E&E News Feature: Colonial Touts Cyber 'Best Practices.' It Was Still Hacked

May 20, 2021

NEWS 19 MAY 2021


The pipeline company at the center of the most disruptive cyberattack in U.S. energy history says it followed defensive guidelines set by the government and private sector. But a ransomware cyberattack this month still forced Colonial Pipeline Co. to shut down its 5,500-mile system, which supplies nearly half the fuel used along the U.S. East Coast. The weeklong disruption led to panic buying at gas stations and an outcry for more stringent and enforceable cybersecurity measures for the oil and gas industry.

The Assumption: Pipeline operating systems are not an easy target for hackers.

The Reality: The commercial risk remains if a pipeline with a compromised IT system tried to keep operating without the huge amount of data required to manage and fulfill orders and track and record payments.

What’s Needed: Infrastructure security officials said protecting against such a complex threat calls for the development of a “design basis threat,” a carefully worked-out scenario for assessing a potential attacker’s capabilities and tactics, in light of a network’s most critical #vulnerabilities.

“One lesson from the Colonial attack is that pipelines and the generators that depend on them for fuel need a much more realistic assessment of the cyber risks they face”
— Jonathon Monken, Principal, Converge Strategies in E&E News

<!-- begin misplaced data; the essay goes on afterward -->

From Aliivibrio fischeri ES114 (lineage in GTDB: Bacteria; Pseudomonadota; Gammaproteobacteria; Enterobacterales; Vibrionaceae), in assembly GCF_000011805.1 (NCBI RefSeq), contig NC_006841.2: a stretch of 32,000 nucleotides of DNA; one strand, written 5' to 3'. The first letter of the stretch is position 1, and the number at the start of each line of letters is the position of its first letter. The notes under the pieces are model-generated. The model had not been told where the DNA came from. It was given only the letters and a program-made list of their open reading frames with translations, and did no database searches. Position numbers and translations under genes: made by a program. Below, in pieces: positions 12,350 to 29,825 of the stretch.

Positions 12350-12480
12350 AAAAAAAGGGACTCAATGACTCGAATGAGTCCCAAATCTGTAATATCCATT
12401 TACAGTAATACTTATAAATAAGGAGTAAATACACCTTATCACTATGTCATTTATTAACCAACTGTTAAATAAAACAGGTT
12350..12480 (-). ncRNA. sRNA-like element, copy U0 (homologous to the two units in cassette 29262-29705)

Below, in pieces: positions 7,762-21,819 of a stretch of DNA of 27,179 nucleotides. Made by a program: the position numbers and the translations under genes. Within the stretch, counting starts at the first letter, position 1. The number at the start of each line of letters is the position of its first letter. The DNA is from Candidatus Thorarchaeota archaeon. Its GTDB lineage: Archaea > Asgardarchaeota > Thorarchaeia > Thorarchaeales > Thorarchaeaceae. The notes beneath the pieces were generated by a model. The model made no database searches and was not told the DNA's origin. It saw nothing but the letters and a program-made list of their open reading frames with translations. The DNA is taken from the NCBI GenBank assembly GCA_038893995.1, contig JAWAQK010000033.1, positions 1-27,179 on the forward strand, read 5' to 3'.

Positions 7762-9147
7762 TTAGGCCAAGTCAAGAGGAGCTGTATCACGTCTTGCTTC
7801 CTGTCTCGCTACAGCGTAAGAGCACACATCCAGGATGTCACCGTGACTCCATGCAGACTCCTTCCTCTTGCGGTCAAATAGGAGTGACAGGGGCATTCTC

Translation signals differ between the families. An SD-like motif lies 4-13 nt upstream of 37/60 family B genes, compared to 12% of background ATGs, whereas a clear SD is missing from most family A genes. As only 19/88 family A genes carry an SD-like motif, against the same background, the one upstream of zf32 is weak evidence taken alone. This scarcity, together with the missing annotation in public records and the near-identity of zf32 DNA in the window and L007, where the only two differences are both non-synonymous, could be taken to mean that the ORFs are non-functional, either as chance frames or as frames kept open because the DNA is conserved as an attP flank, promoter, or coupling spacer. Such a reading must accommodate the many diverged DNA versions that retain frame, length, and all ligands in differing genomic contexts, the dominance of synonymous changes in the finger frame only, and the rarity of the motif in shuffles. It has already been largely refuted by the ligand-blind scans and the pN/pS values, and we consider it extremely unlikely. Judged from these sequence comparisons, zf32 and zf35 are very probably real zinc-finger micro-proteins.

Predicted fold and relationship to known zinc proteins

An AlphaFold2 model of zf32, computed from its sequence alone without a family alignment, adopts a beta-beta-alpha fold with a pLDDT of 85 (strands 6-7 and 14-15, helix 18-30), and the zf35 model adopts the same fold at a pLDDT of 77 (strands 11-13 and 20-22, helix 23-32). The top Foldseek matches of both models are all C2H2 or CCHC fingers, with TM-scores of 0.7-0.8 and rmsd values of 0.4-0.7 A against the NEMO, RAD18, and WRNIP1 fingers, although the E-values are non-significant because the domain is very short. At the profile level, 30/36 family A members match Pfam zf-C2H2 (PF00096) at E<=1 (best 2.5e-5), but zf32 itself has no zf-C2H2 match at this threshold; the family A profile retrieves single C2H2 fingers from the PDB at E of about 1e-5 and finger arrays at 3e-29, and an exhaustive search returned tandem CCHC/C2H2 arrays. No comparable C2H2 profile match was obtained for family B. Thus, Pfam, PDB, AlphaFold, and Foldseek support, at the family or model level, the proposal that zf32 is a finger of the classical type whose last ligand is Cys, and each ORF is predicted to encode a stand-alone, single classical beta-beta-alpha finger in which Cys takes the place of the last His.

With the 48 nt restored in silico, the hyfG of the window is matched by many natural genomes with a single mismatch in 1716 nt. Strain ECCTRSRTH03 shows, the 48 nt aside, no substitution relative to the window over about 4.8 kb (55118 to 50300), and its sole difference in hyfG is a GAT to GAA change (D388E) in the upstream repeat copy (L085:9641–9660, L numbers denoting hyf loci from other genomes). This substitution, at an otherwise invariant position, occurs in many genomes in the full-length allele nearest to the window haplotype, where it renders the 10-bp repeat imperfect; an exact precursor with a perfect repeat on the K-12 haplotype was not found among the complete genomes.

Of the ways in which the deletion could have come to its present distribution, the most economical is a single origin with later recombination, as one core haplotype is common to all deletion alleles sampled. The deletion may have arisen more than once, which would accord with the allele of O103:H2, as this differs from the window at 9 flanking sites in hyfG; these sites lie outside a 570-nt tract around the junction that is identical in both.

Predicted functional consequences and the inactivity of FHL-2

“There is not an established threat definition process for gas pipelines — each pipeline makes its own assessments and response”
— Jonathon Monken, Principal, Converge Strategies in E&E News

About Jonathon Monken

Jonathon has deep public and private sector experience in the areas of national security, emergency preparedness, risk management, and energy resilience planning.

During the past several years he pioneered programs to build enterprise-level resilience for the utility sector through information sharing, public and private sector integration, and large-scale exercise development and execution. Previously, he served as VP for the U.S. Operations for the Electric Infrastructure Security (EIS) Council where he worked with government and industry to develop best practices and capabilities to improve the resilience of life support infrastructure systems to widespread, long-duration power outages, known as “Black Sky” events.

Jonathon earned a Bachelor of Science Degree from the United States Military Academy at West Point, and holds a Master’s Degree in Business Administration from Northwestern University’s Kellogg School of Management. Jonathon serves in the Army Reserves supporting the National Cybersecurity and Communications Integration Center (NCCIC) at the U.S. Department of Homeland Security. He is a Fellow with the Truman National Security Project.

Media Contact

Adair Douglas